Saturday, October 11, 2014

Death: "The Gashlycrumb Tinies"

Gorey reflects upon a childish delusion entwined with morbidity and despair in his rhyming didactic couplets found amongst the pages of the “Gashleycrumb Tinies.” The children within the story can be found encompassed by the likelihood of Death, himself. The tribulations and demise of the children entrance the reader creating movement amidst the ever-flowing ode. Gorey begins in saying “A is for Amy who fell down the stairs”(Gorey). With each letter of the Alphabet a depiction of death is made. Never is death directly stated though. The cessation of life is eminent in the circumstances, but only ever alluded. Gorey does so to bring forth a sense of light heartedness. It is less horrific if verification is not made of the child’s death. The alphabetic nature also brings forth a sense of childlike creativity. How else to depict death, than to bring it to the simplest state of being, deriving from the basic function of language. The rhyming didactic couplets also create an easy dialect to comprehend. The work, itself, reads very smoothly. “Gashleycrumb Tinies” is a necessity for the elemental depiction of intrinsic morbidity.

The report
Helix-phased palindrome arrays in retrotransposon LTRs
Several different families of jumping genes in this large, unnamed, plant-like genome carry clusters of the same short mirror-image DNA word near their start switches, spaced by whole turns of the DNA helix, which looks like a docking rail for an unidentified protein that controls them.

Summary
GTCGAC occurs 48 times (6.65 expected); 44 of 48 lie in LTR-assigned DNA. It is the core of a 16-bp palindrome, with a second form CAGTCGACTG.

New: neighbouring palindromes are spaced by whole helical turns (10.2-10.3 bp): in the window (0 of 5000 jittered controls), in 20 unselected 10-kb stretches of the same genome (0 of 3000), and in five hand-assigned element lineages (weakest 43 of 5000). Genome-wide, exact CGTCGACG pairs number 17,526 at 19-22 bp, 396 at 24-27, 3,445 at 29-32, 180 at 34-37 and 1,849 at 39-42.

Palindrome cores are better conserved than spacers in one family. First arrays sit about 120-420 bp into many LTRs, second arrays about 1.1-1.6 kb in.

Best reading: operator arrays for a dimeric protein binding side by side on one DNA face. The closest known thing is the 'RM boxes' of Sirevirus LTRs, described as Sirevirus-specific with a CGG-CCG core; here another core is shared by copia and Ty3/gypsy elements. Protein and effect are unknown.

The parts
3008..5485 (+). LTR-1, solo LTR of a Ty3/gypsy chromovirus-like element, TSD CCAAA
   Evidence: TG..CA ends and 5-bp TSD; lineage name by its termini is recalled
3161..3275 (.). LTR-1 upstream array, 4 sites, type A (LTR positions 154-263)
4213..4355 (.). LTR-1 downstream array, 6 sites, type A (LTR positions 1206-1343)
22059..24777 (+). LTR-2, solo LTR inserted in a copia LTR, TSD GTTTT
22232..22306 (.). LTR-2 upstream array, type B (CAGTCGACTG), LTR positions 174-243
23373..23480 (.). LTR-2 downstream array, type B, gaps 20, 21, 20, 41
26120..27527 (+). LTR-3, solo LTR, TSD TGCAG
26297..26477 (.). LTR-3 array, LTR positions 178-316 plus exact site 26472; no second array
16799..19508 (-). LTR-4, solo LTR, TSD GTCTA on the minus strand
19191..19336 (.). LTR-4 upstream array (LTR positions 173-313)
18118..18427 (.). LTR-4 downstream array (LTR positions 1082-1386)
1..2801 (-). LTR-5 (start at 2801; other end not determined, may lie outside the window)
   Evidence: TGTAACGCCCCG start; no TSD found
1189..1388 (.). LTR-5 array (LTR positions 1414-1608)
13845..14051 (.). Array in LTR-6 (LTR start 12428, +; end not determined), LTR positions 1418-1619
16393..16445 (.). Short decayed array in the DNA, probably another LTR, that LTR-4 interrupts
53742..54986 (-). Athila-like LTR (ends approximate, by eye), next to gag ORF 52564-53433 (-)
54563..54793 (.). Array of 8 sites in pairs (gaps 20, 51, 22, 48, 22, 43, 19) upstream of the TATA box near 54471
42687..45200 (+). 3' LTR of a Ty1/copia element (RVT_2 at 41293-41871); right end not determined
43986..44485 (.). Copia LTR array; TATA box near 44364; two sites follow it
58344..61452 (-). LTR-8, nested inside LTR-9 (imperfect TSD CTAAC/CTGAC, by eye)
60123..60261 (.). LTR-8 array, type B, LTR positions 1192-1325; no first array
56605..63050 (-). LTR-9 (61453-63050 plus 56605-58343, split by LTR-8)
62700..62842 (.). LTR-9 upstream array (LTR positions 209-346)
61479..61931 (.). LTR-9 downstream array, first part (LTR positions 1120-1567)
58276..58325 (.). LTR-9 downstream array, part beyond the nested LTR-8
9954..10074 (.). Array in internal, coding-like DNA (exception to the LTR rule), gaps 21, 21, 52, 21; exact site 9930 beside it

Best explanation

In the year of 1963 many great men succumbed to the inevitability of the darkness surrounding death. Gorey released his work in a relevant manner, as death was a commonality of the year. Robert Frost as well as the President, Jonh F. Kennedy sparked a fear of the eventuality of death. It was a topic of much discussion. The social and historical content of the year 1963 defines Gorey’s work

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